Rabbit Food Cookbook: A Review
A welcome addition to the cookbook shelf
Every time I scan the cookbook section of my local (kick-ass) bookshop these days, I’m delighted to discover yet another collection of vegan or vegetarian recipes. It seems there’s a new book added to the pile on a weekly basis, which is great for my kitchen (and terrible for my wallet). And though I’d never complain about having too many vegan-related books to choose from, it’s kinda tough to decide where to plunk your hard-earned Queen Liz (that’s $20 for you non-Canadians); I definitely have a few impulse buys whose pages have yet to be glued together with spilled flour and sauces. So, I was delighted when presented with Beth A. Barnett’s Rabbit Food Cookbook, a compact, spiral bound gem featuring vegan tips, food history and a solid portion of yummy recipes. The format is sensible and easy to digest, with hand-written text and whimsical sketches throughout, which (almost) makes up for the lack of colour pictures.
Between the pages
The first half of the book is full of advice and food for thought. The author offers tips on nutrition without being preachy, and suggests several respectable resources for further nutrition information. Her tidy section on the Industrialisation of Food in America (pp. 32-56) is necessarily oversimplified, but a good overview for readers who have little exposure to food history – and again, there are great resources listed for further self-education. Beth offers helpful ingredient tips, and crafts for making your own grocery & produce bags. She also touches upon the practical work of growing your own food, something more of us should be doing! One of the best things about this book is how helpful yet un-assuming it is. Beth doesn’t present her work as being the sole authority on vegan lifestyles, but merely one in a plethora of awesome books to have on hand.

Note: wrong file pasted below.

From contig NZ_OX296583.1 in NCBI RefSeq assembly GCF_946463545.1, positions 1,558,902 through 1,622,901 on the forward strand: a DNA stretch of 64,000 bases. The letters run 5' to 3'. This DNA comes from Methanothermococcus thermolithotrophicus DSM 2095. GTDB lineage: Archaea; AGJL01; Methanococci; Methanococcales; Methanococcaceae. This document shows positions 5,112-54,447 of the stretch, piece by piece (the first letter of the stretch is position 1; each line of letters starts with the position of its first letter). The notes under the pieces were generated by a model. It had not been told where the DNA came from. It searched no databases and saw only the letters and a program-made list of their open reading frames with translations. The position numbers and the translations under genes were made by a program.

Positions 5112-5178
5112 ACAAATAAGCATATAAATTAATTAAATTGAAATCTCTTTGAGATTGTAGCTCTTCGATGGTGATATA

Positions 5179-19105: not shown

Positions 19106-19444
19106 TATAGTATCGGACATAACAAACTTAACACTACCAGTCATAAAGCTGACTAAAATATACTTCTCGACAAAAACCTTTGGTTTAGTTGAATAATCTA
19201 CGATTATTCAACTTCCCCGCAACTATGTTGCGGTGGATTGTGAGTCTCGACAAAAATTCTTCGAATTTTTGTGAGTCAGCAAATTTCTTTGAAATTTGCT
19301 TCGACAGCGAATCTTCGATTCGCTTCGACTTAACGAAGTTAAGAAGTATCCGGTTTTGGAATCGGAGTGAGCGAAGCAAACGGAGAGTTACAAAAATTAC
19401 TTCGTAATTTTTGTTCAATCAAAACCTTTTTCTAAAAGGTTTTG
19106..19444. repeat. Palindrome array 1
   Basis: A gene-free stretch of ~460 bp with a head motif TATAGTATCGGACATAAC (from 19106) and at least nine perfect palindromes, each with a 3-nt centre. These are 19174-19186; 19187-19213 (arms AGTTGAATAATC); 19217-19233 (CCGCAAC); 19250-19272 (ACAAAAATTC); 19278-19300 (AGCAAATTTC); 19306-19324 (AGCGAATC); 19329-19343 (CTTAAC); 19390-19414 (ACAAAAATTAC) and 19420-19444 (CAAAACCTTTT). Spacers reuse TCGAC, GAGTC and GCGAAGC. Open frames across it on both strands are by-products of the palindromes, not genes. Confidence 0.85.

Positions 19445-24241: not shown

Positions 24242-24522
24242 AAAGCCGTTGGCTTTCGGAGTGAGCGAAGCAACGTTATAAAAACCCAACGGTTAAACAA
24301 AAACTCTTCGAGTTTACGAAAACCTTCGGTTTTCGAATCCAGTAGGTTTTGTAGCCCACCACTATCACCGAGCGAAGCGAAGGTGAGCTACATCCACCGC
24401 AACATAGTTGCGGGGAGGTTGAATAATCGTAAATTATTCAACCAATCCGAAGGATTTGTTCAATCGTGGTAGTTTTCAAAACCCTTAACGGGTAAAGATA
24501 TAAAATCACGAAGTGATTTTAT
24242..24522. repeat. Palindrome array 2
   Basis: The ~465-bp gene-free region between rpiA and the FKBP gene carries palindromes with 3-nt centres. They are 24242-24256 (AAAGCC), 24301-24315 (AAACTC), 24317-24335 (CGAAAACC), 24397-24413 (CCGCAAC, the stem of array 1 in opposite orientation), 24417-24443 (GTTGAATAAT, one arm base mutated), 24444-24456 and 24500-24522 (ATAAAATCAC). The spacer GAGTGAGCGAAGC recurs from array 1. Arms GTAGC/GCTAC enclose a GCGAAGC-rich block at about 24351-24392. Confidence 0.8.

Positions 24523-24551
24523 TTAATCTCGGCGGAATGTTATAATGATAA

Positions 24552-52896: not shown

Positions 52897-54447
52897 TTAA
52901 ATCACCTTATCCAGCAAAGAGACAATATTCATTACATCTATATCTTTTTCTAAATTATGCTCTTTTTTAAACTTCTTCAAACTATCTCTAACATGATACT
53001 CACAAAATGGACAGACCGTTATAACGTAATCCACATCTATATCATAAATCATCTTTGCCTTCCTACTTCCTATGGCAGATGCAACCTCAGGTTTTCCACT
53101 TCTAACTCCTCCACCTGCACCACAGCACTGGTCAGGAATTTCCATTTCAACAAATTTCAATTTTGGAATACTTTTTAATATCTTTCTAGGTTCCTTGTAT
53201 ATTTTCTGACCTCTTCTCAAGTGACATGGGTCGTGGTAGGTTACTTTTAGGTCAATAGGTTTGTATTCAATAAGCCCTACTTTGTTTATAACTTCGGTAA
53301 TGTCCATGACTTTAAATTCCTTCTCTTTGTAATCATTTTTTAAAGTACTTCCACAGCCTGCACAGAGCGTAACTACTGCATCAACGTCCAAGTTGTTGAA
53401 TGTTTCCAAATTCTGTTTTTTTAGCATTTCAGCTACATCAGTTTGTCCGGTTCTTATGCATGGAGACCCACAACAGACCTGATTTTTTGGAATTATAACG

The latter half of the book features 111 pages of recipes divided into breakfast, soups, mains, sweets and drinks. Many of the recipes are standards found in most vegan cookbooks – but they work! I’ve made the Fancy Brownies (p. 202) so often that the page is more cocoa-coloured than white anymore. Beth’s recipes vary from quick meals that amateurs can whip together with ease, to slightly more complex dishes that require a bit of planning. With regard to the compact page size, some recipes are written too concisely, leaving the reader to fill in a few gaps that might be obvious to a seasoned cook but will result in mistakes from people new to the kitchen. For instance, the Tofu Pot Pie (p. 139) is written over three pages and broken down into four main steps, but is missing important directions – like whether pots, pans, or bowls are best for any given step. Aside from such issues, the resulting food is generally amazing (my roommates devoured the pot pie in a flash!). There’s a nice variety of meals, too – sushi, tempeh, pastas, hearty salads, and a few seitan dishes to boot. And the peanut butter cookies are to die for…
The little things
For all the cookbooks I’ve perused and purchased lately, this one takes the cake for most helpful and easily accessible. I’m particularly fond of the coil spine (why is this not a regulation for all cookbooks?!) and the cute illustrations, though its useful information puts this book at the top of my gifting list for others. If a few recipes were written with more clarity, I’d dare say this is a perfect little book – especially for newer vegan cooks.